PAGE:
KHL Could Contract Due to Economic Issues in Russia
A recession in Russia and low prices of oil have hurt state-owned companies that fund most teams.
The Kontinental Hockey League—better known as the KHL, or the league that stole Ilya Kovalchuk from us—is strongly considering the option of cutting a number of its teams from the league, as reported by several outlets.
The KHL, which is widely viewed as the best hockey league in the world outside of the NHL, is on the verge of making very serious structural changes. A heavy economic recession tied mainly to low oil prices in Russia, where the majority of the league is based, is proving to be too much for the state-owned companies and regional governments that operate and finance many of the country's professional hockey teams.
Because of this, the league—which features 29 teams across eight different countries spanning Russia, Eastern Europe and Asia—is looking at options to cut its immediate costs. Historically, when cutting costs becomes a priority for a whole league, contraction is usually soon to follow.
"The KHL board is preparing to discuss an optimization of the number of clubs taking part," league president Dmitry Chernyshenko said in comments Monday to state agency R-Sport.
"I think it's possible that the league could contract if the board takes that decision."
Reports of possible contraction emerge only a few months after the KHL announced it was expanding to China, an untapped hockey market being pursued heavily by the NHL. Despite the positivity and optimism surrounding the move initially, the KHL's venture into the Chinese market has been nothing short of a disappointment. Splitting time between Beijing and Shanghai, the league's newest club has struggled to attract fans, with attendances of below 1,000 at some games. They also weren't sure how to act during the team's first ceremonial puck drop, which is as hilarious as it is embarrassing for an 'emerging' hockey country's first experience in a professional league.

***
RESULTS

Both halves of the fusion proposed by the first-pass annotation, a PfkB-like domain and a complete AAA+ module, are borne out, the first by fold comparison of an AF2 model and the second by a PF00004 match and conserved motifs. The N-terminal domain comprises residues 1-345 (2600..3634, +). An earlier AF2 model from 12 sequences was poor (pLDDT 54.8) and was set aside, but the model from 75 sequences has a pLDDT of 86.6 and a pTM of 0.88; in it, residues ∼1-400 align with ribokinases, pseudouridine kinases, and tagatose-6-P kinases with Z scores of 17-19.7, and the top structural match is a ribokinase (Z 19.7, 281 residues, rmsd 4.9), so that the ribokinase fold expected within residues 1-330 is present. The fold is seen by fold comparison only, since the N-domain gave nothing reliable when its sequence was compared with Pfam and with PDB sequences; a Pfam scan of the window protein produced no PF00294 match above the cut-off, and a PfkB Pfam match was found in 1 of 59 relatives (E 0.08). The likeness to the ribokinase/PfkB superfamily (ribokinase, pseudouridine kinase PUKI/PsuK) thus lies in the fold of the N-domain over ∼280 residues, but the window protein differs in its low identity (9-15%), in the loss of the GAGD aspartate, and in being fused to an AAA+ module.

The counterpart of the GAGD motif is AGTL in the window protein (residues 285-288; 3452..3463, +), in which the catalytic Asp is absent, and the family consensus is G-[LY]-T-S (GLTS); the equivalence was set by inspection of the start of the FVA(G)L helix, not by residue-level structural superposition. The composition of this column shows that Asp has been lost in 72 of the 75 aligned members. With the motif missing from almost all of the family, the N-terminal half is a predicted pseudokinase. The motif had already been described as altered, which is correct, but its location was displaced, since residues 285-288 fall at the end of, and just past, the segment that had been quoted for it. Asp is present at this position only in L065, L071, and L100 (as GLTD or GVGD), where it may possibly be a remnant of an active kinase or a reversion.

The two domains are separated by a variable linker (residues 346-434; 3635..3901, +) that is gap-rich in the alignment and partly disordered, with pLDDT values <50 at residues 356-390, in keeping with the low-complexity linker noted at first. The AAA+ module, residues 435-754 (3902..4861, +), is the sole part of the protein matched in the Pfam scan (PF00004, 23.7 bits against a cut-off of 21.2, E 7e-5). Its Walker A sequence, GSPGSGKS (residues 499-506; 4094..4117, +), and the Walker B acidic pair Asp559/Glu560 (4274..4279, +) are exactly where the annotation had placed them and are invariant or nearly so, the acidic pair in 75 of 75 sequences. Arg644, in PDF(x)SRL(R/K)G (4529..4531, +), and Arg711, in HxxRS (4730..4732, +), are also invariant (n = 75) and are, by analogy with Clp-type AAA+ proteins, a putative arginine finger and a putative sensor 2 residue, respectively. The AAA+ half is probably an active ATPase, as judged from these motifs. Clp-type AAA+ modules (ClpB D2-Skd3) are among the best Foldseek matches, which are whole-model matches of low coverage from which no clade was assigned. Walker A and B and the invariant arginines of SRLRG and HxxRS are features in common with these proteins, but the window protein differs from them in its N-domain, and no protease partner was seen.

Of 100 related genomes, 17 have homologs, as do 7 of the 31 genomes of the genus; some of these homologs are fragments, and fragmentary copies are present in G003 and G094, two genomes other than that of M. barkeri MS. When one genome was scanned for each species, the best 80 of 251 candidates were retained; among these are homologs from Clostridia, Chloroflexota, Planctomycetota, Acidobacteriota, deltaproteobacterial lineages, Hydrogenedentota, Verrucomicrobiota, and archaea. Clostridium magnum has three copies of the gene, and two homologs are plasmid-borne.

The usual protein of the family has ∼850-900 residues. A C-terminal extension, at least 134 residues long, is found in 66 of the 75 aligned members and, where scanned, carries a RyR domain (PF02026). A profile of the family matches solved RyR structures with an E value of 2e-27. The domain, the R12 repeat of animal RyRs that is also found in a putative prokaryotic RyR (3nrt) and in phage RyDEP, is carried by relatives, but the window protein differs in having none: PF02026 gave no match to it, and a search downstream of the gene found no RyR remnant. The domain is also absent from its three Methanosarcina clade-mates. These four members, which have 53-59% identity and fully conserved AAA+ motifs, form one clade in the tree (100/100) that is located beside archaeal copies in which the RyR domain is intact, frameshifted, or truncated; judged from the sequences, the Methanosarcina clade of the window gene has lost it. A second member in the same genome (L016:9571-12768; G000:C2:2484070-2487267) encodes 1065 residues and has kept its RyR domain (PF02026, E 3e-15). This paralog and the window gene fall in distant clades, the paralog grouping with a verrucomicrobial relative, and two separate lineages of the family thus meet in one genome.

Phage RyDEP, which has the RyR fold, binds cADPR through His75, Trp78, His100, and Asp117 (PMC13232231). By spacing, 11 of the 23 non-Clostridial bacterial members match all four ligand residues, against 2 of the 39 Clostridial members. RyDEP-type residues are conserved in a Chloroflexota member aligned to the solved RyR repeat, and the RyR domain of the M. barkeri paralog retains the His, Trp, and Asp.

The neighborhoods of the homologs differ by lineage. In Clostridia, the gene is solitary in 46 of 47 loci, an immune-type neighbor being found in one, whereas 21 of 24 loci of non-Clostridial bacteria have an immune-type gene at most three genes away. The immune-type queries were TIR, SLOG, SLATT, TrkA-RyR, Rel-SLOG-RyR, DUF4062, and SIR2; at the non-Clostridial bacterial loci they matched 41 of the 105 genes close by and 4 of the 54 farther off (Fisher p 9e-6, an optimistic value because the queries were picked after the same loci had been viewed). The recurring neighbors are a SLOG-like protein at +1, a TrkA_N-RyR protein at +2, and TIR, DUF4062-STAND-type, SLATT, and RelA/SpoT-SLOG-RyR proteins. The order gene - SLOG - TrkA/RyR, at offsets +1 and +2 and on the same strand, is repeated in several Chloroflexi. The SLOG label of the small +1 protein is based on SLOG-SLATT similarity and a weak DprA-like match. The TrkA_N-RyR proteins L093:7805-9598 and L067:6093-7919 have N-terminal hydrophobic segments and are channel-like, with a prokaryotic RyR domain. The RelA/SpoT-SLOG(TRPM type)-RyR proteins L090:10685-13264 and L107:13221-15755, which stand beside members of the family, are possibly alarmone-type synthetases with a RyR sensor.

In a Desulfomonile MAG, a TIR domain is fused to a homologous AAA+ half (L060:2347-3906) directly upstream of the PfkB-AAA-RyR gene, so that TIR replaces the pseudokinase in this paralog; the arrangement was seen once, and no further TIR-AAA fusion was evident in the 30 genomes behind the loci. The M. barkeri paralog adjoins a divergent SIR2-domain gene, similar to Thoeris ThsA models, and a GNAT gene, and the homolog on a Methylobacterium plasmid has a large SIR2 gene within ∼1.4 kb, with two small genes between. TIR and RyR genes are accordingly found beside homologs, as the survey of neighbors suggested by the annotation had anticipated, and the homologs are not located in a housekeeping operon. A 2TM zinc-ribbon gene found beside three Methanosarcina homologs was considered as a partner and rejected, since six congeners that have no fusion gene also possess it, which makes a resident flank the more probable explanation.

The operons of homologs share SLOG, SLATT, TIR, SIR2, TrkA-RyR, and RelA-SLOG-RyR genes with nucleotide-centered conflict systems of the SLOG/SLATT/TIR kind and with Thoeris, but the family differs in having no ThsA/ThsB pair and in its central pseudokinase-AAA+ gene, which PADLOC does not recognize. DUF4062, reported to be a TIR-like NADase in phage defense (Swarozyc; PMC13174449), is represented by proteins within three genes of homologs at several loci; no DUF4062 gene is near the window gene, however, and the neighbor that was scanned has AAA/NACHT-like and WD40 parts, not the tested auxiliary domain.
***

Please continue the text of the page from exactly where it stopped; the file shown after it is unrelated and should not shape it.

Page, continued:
Canadian hockey fans, especially those in Winnipeg and Quebec City, are all too familiar with the scenario some Russian hockey fans are facing. In 1995, Quebec City lost the Nordiques to Colorado mainly because of harsh economic conditions negatively impacting the value of the Canadian dollar. Even more painful was the fact that the Avalanche went on to win the Stanley Cup just one year later in 1996. That same year, the Jets (who returned to Winnipeg to start the 2011 season) left for Phoenix and became the Coyotes after suffering the same loonie-related fate the Nordiques did. Canada's capital city team, the Ottawa Senators, nearly suffered the same fate during an economic recession in the early 2000s, but barely survived after filing for bankruptcy protection in 2003.
For an entity not even as close to financially stable as the NHL was when it went through its most trying economic issues, it remains to be seen whether the KHL will grow stronger as a result of contraction or if this represents the first minor step in a major overhaul of the struggling, yet entertaining league.